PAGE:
Pakistan should get actively involved in reconstruction and rehabilitation in Afghanistan. Pakistan should be engaged in tangible and sustainable assistance to the Afghan people. Pakistan has to change its foreign policy and national security strategy in the coming days; militancy should not be a tool of the foreign policy of Pakistan. There has to be a civil-military consensus on matters like Afghanistan and security. There needs to be a proper border management as the porous border between Pakistan and Afghanistan creates a lot of confusion and inability to tackle with the militant groups effectively. The border needs to be stable, in order to provide stability to the whole country and to manage insurgency. So, in short, with an exit of another ‘superpower’ from Afghanistan, Pakistan really needs to think on pragmatic terms that suit her interests and also maintain peace and stability in the region.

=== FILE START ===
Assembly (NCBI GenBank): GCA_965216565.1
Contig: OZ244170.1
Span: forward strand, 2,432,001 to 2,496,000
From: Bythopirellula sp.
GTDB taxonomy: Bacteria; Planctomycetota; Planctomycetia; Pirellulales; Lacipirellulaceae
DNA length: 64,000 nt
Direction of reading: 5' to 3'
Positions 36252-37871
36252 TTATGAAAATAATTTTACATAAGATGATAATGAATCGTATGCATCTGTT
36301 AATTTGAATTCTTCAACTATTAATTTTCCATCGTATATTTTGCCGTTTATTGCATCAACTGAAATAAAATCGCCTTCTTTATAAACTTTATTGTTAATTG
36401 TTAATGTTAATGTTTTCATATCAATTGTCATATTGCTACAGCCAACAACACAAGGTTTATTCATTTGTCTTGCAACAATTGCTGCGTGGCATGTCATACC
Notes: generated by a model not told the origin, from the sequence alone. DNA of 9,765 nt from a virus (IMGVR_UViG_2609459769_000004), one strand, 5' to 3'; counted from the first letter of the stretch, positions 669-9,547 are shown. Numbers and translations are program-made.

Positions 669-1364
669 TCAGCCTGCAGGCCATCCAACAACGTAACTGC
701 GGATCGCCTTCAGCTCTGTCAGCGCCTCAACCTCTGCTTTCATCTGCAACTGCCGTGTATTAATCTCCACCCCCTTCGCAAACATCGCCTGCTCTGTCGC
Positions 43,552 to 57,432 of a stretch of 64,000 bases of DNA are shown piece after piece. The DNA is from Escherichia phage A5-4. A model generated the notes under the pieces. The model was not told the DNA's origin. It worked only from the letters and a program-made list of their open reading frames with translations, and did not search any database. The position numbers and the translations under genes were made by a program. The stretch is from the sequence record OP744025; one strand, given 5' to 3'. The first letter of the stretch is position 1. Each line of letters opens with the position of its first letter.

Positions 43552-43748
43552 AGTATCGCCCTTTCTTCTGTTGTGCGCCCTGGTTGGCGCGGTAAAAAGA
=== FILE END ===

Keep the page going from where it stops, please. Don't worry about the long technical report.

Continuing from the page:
Comments

comments

is researcher and a regular contributor at PKKH. She is a Human Rights, Youth and a Peace Activist and has done her MPhil in ‘Peace and Conflict Studies’ from NDU. She can be reached at ms.fortress@gmail.com and she tweets at @battlehawk_

Discussion9 Comments

  1. The issue isn’t what Pakistan wants. The real issue is what Pakistan can offer. Since the 1970s, the only thing Pakistan has offered to Afghanistan is a very blatant attempt to make it into a subservient state.

    As long as Pakistan can get over that mentality, stop supporting Taliban and stop spreading lies about Indian involvement…. like the fictitious “dozens of consulates”.

    Instead, Pakistan needs to emulate Indian involvement in Afghanistan by building schools, roads, bridges and hospitals…. Help train the nascent Afghan Civil Service to be impartial and unhampered by tribal and religious affinities and help them grow into another regional giant instead of relegating them to the basket case where Pakistan seems to be heading towards